Keep in mind that your bar will be three dimensional. Once height is added, the outlines on the floor will not take up as much visible area as your final bar.
Step 3: Design Elements And Materials
Before you begin construction, there are a few other items to consider adding to complete the aesthetic of your modern home bar design. Building a back bar or installing bar rail molding and foot rail may give your home bar a more genuine look and feel while also adding storage or comfort.
We recommend that you begin your planning by visiting your favorite taverns and/or restaurants and taking careful (sober) notes on what you appreciate in a pub.
Pay special attention to the characteristics that appeal to you. For instance, do you like a large glass mirror behind the bar? What kinds of chairs and bar rails are appropriate for your decor? Take specific attention to the construction of the bar – how it was built and what it is composed of. Take a picture using your phone to refer to later — photographs are always useful!
Modern home bar design to consider:
- Overall appearance and feel
- Surfaces of bar
- Stools for the bar
- The craft of carpentry
- Styles of draft beer systems (including beer towers, tap handles)
- Foot rails with a bar
- Signage is an example of bar décor
1. Bar rail molding
Bar rail molding, also known as Chicago bar rail, provides a polished, professional aspect to the exterior of your bar top while also giving a spot for your visitors to comfortably rest their arms while enjoying a beverage. Arm rails may help keep spills and glasses from falling over the side of your bar and landing on the floor below.
2. Bar foot rail
Installing a run of bar foot rail to your home bar adds a touch of flair and class while also giving a place for your visitors’ feet to rest while they sit or stand. Bar foot rail kits from KegWorks provide everything you need to build a straight line of bar rail. An elbow fitting can be used to join runs of bar rail around a corner on angled bars.
3. Back bar and shelving
If you have the extra room, installing a complete back bar will give your modern home bar design a professional appearance similar to your favorite commercial institution. It has a cocktail prep space, shelves for bottles and glasses, and the option of adding cabinets for storage or back bar refrigeration. Adding liquor bottle shelves to your back bar will provide you more storage space as well as an opportunity to show off your collection of high-end spirits.
In addition to whatever shelves you install below your bar, adding shelving to a wall behind or next to your bar will allow you to store and display liquor bottles or glasses without having to invest extra time and/or money on a full back bar.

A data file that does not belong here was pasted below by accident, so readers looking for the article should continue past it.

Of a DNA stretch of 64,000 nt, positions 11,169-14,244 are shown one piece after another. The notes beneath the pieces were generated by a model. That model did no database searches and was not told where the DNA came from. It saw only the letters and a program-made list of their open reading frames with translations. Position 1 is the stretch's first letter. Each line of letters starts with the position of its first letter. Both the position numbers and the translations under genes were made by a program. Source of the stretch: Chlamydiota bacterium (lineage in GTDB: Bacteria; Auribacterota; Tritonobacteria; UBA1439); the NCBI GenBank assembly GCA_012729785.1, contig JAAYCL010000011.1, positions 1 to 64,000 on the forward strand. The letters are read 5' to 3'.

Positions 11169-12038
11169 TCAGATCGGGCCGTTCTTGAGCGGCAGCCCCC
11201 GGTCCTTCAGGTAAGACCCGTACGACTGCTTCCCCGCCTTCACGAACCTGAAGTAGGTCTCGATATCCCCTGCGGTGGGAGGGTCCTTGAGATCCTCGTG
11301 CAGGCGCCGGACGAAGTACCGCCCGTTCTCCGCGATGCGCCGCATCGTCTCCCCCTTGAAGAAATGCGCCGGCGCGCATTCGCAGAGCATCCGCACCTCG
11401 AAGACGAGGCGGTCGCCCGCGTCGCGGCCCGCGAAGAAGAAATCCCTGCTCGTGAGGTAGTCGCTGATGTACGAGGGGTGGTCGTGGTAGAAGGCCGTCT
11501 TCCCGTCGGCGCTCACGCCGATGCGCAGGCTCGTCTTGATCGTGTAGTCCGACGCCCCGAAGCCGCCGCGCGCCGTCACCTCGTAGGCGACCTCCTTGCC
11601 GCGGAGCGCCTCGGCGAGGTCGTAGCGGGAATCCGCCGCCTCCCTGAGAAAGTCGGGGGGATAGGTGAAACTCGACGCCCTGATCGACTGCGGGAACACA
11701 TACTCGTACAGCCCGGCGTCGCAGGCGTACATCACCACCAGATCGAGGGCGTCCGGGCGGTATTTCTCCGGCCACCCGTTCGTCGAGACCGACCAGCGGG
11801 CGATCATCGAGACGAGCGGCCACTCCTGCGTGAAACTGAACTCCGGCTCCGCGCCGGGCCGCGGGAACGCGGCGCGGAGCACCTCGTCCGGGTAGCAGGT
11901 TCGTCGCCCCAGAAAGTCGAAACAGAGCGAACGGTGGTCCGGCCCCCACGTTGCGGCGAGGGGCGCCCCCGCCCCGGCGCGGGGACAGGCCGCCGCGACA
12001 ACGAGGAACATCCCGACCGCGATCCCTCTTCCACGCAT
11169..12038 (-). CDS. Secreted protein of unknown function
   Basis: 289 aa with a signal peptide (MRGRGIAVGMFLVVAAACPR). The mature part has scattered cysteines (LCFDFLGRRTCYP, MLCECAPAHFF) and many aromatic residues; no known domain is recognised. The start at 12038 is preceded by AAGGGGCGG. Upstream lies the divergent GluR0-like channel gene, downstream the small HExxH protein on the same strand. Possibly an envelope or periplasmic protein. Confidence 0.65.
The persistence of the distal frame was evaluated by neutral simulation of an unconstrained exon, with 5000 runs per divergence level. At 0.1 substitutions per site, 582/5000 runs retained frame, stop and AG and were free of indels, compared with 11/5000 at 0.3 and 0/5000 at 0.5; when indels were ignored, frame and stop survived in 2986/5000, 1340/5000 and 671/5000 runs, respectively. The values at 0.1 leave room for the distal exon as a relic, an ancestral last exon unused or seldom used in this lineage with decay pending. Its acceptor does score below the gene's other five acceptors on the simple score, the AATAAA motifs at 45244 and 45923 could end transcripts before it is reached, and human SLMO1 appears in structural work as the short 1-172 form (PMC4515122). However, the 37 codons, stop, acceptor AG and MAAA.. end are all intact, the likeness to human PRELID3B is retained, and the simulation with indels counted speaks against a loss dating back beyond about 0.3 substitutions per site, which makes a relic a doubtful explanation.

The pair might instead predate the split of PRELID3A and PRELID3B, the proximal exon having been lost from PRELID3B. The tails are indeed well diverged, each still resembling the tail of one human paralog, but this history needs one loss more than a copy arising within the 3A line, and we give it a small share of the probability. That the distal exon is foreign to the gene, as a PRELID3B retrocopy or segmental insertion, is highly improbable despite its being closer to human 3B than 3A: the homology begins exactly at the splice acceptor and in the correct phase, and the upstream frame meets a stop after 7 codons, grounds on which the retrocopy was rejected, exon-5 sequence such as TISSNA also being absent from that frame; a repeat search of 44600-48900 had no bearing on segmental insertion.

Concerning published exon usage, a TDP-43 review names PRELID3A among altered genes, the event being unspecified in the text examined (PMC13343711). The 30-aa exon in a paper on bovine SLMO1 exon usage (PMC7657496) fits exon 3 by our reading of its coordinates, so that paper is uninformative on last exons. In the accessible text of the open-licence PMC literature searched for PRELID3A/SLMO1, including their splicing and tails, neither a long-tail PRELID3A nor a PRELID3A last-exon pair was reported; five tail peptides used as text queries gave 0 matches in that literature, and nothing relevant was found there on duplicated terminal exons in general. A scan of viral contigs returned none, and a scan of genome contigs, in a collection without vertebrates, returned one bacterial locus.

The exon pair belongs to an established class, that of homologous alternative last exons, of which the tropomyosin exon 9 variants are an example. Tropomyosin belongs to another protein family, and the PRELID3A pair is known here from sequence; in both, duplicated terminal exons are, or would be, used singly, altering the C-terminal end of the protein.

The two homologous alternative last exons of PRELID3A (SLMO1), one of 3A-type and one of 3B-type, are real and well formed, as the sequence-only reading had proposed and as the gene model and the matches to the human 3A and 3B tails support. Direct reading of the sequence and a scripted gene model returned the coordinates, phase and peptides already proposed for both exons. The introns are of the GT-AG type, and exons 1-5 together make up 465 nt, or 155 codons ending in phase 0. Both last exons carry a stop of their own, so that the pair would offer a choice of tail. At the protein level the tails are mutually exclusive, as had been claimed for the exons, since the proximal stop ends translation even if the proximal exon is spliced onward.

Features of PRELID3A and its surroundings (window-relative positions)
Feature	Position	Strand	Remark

Step 4: Account For Appliances
You should also consider any equipment or fixtures that will be housed below or beneath the bar during the designing phase, notably sinks and fridge units.
1. Bar refrigerators and kegerators
A modern home bar is a must-have for any home bar, since it eliminates the need to go back and forth to the kitchen whenever someone wants a drink. They are an excellent choice for chilling and storing bottled or canned beverages as well as mixers. Large wine aficionados may wish to consider installing a separate wine refrigerator unit for their favorite bottles. Your exact refrigeration requirements will be determined by the kind of beverages you intend to serve the most and the amount you wish to keep on hand.
Installing a kegerator allows you to offer draft beer on tap, which is an excellent choice for any beer enthusiast to consider. Purchasing kegged beer is a more cost-effective choice for purchasing beer over time, and having a kegerator adds a little of “wow factor” to your home bar, which may entice your guests to come over even more. Even if you don’t drink beer, you can install a draft system that streams kegged wine or batch cocktails into your glasses.
When purchasing a kegerator for your home bar, make sure you choose an under-counter kegerator device. Because it can correctly remove warm air from the refrigeration unit, this type of kegerator is meant to be fitted in an enclosed environment. Free-standing kegerators exhaust air from the rear of the machine, which might become trapped if sufficient ventilation is not provided. This significantly shortens the life of your kegerator. Check out our video on how to set up a kegerator to learn more.
To install a built-in kegerator, drill a hole in your bar top large enough to feed the draft lines from the kegerator up to the draft tower, as well as four mounting screw holes to keep the draft tower in place. Depending on the surface of your bar top, this technique may be difficult since granite and marble might break when drilled. If you’re having a professional install your bar top, ask ahead of time if they can drill the holes for your tower.